The police are at my door right now and want to question me. Should I talk?
Do Not Succumb to Seemingly Informal Questioning
Most cases that end up being charged criminally are the result of interrogations such as this. It’s almost always a bad idea to talk to police until after you know what they’re looking for, even if you believe you’re not in trouble or that you’ve done nothing wrong.
Be Wary of Your Words
Keep in mind that anything you say may be used to incriminate you. Seemingly harmless statements such as “I may have hit the guy” and “I had a beer a few hours ago” may turn into “the suspect admitted to hitting the victim” and “the suspect had been drinking.”
It’s vital to seek the help of a lawyer who specializes in criminal law and understands police tactics. When interrogating you, the police will often lie about evidence, pressure you, threaten you with arrest, assure you that all will be easier if you simply confess, or even tell you that you will “feel better after you confess.” An experienced criminal defense attorney can guide you through this process and advise you on what to say, and what to not say.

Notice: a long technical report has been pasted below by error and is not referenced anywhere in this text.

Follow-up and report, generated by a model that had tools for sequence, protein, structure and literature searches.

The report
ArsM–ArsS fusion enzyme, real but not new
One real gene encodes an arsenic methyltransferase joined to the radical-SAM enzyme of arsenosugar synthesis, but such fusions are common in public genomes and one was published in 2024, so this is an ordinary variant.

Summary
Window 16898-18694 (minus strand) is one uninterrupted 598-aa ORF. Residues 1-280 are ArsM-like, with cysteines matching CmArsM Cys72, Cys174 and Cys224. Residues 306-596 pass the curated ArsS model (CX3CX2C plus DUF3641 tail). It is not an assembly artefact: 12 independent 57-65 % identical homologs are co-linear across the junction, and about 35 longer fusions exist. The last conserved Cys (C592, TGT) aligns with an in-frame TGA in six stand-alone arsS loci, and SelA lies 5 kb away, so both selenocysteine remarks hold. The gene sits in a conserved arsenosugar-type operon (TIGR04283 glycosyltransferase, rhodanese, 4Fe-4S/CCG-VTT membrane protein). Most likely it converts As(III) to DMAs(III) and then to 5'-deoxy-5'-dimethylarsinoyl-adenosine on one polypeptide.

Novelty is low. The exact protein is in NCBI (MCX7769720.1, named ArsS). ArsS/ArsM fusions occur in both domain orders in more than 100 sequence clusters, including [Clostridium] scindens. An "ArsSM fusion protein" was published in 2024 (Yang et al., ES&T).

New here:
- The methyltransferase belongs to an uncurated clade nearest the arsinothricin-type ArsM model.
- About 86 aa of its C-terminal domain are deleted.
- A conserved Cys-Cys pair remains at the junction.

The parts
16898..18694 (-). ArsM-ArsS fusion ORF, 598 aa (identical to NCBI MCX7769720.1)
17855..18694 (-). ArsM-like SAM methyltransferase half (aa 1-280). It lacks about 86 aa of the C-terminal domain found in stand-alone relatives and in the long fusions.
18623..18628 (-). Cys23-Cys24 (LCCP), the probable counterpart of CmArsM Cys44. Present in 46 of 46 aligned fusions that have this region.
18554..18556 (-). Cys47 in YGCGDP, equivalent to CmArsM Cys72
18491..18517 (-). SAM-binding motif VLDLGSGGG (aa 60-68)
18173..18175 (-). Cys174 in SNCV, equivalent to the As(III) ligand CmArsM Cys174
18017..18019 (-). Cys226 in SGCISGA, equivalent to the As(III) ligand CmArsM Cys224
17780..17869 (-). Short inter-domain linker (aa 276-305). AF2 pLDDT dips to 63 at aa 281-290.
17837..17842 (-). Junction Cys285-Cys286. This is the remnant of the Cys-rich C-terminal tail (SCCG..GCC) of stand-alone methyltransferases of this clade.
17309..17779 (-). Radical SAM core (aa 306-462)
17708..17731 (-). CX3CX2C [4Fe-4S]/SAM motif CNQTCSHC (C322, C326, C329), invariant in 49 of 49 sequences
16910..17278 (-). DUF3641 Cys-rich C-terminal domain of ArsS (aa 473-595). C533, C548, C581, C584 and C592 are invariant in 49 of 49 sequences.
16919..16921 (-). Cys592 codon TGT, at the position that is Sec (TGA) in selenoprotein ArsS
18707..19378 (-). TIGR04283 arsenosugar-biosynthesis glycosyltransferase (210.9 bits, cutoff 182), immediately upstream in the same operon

Silence Is Golden
Especially if you are nervous, tired, scared, or under the influence, it is best to exercise your Fifth Amendment right to silence until you’ve consulted a lawyer.